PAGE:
On Thursday, April 20th, financial markets are waiting for new income reports as oil prices dropped due to concerns over the slowdown of the US economic growth. Tesla disappointed with their Q1 earnings report as the electric car manufacturer prioritized growth over profit, and HSBC’s management is trying to maintain the bank’s integrity.
1. Tesla reports higher sales growth than profits
Tesla (NASDAQ: TSLA) reported its first-quarter earnings after Wednesday’s closing bell. The electric car manufacturer failed to meet Wall Street’s expectations and showed the lowest quarterly gross margin in the past two years, which was caused by a price reduction.
During the accompanying conference call, CEO Elon Musk indicated that the price war he started at the end of last year will continue. This is because the company prioritizes sales growth over profits due to weak market conditions.
“It’s better to ship a large number of cars at a lower margin and get that margin in the future when we improve autonomy,” said Musk.
The company reported a total gross margin of 19.3%, which was below the market’s expectation of 22.4%, and maintained its official delivery target of 1.8 million units this year.
Tesla is reducing prices on its electric vehicles worldwide, including in the US, where it recently announced its sixth price reduction this year. The reduction was significant, with the base price of the Model 3 in the US dropping below $40,000 for the first time in several years – $7,000 less than at the beginning of the year.
Tesla’s stock fell more than 7% in pre-market trading.
2. Income reports continue to pour in. On Thursday, there will be a flow of data on incomes, as just over one-tenth of companies on the S&P 500 list reported their earnings in the Wednesday evening earnings season update.
Telecommunications giant AT&T (NYSE: T), financial company American Express (NYSE: AXP), airline Alaska Air (NYSE: ALK), and private investment company Blackstone Group (NYSE: BX) are among the companies expected to release their results on Thursday.
In addition, IBM’s (NYSE: IBM) shares rose 2% ahead of market opening after the blue chip company exceeded profit expectations in the first quarter after Wednesday’s closing bell and signaled that demand for IT services was better than expected.
Taiwan Semiconductor Manufacturing (NYSE: TSM) reported slightly better-than-expected net profit in the first quarter, as some stability in global demand for microchips boosted sales, while Nokia (NYSE: NOK) reported operating profits that fell short of expectations in the first quarter, with the telecommunications equipment manufacturer indicating signs of slowing customer spending growth.
3. The futures market is decreasing; concerns about economic slowdown are taking center stage.
The American futures market traded sharply lower on Thursday as investors “digest” a series of corporate earnings reports ahead of the release of more important economic data with concerns about a slowdown in growth.
At 5:05 a.m. Eastern Time (9:05 a.m. Greenwich Mean Time), Dow futures fell 165 points or 0.5%, S&P 500 futures fell 32 points or 0.8%, and Nasdaq 100 futures retreated 155 points or 1.2%.
So far, earnings reports have been mixed, but it is evident that the financial results of companies listed on the S&P 500 will be weaker than they were a year ago. This suggests that the economy may slip into a recession at the end of the year.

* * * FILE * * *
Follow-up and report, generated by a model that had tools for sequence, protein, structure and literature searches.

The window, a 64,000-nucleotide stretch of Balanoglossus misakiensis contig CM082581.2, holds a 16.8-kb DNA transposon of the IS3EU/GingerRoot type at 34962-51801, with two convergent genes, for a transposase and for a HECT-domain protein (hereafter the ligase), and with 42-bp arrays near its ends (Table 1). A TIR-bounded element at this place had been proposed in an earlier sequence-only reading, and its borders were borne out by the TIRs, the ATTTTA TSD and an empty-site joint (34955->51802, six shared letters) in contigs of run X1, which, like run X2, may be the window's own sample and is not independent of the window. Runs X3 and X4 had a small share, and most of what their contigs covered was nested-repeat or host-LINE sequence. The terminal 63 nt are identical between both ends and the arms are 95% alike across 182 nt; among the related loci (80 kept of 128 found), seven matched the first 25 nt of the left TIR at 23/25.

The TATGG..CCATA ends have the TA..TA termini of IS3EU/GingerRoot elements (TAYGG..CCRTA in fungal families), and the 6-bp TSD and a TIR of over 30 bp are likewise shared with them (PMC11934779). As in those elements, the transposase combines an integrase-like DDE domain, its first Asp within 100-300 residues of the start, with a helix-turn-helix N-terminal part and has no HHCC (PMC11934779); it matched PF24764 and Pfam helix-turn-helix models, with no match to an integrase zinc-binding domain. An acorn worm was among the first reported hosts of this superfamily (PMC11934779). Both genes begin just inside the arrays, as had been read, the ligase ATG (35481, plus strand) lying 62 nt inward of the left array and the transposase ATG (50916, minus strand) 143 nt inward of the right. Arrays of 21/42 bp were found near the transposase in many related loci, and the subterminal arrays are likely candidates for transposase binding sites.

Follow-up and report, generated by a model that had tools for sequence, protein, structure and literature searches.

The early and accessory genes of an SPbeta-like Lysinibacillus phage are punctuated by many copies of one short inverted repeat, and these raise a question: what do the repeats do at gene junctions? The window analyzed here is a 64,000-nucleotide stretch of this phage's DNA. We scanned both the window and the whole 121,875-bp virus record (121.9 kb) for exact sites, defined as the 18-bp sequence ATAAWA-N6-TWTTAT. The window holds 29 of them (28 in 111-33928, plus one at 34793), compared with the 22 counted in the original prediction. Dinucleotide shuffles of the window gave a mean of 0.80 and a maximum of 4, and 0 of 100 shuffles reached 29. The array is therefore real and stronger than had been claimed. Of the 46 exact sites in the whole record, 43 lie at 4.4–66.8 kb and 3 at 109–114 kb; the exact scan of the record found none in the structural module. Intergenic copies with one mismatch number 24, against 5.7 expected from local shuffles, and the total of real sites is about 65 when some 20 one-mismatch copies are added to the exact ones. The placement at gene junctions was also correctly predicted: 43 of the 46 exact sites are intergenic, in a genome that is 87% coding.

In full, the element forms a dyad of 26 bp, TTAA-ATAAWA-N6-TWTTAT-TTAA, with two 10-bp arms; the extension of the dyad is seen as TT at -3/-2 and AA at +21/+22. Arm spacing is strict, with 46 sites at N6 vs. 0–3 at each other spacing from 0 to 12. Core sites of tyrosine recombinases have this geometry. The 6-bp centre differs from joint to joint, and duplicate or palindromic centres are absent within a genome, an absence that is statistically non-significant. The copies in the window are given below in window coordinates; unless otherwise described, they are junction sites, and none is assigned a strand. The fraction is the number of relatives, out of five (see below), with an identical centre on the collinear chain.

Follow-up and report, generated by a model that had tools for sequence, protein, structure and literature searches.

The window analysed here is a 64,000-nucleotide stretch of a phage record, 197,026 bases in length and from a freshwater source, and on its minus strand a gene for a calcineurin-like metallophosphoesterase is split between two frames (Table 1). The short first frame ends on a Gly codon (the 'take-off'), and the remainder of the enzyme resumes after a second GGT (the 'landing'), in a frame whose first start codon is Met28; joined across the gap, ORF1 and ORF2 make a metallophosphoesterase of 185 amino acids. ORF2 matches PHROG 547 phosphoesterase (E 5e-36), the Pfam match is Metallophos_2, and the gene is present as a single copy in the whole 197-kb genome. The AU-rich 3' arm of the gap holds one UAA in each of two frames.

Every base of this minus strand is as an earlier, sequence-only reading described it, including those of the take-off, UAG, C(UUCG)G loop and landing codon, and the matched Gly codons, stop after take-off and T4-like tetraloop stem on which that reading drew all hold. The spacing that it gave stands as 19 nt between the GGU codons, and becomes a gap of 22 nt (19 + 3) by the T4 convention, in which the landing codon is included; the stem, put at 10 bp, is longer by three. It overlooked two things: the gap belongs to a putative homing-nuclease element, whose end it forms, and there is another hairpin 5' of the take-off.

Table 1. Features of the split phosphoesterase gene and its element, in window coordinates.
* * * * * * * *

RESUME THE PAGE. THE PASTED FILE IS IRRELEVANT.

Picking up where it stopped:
There will be more economic data to study on Thursday – jobless claims and pending home sales – while Federal Reserve System Governor Christopher Waller, Atlanta Fed Chief Raphael Bostic, and Cleveland Fed Chief Loretta Mester are among the central bank’s speakers who will comment on the state of the US economy.
4. HSBC is trying to fend off talks of division as pressure mounts on its leadership to justify their business model, following renewed calls from one of its largest shareholders earlier this week for the Asia-focused bank to be split up.
In a statement, Ping An Asset Management Company claimed that HSBC has deprived its Asia division of dividends and capital growth to support relatively low-yielding non-Asian businesses.
The largest shareholder is expected to vote in favour of dividing the bank at the annual investors’ meeting on May 5.
HSBC responded on Wednesday evening, stating that carving out its Asia arm would lead to a significant loss of value for HSBC shareholders.
With around 8% of HSBC shares, Ping An will not be able to force a decision on its own, but the lender reported a sharp rise in profit in the last quarter of last month after several years of restructuring and cost-cutting.
Nevertheless, it is clear that the leadership of one of Europe’s largest banks has been alerted to the need for further success.
5. Oil prices fell to the lowest level since the OPEC+ decision. Crude oil prices fell on Thursday, extending recent losses on concerns that the US economic slowdown will hit crude oil demand from the world’s largest energy consumer.
As of 05:10 Eastern Time, WTI futures fell 1.9% to $77.77 a barrel, while Brent contracts fell 1.7% to $81.68 a barrel. Both benchmarks fell about 2% on Wednesday and are now at their lowest level since April 2, when OPEC+ announced an unexpected cut in production.
The Federal Reserve’s Beige Book, which periodically examines regional conditions, indicates that the US economy slowed down in recent weeks, with slower job growth and inflation, and tightened access to credit, raising concerns that the economy was slipping into recession.
These concerns outweighed the news that US oil inventories fell by 4.6 million barrels last week, according to data released Wednesday by the US Energy Information Administration.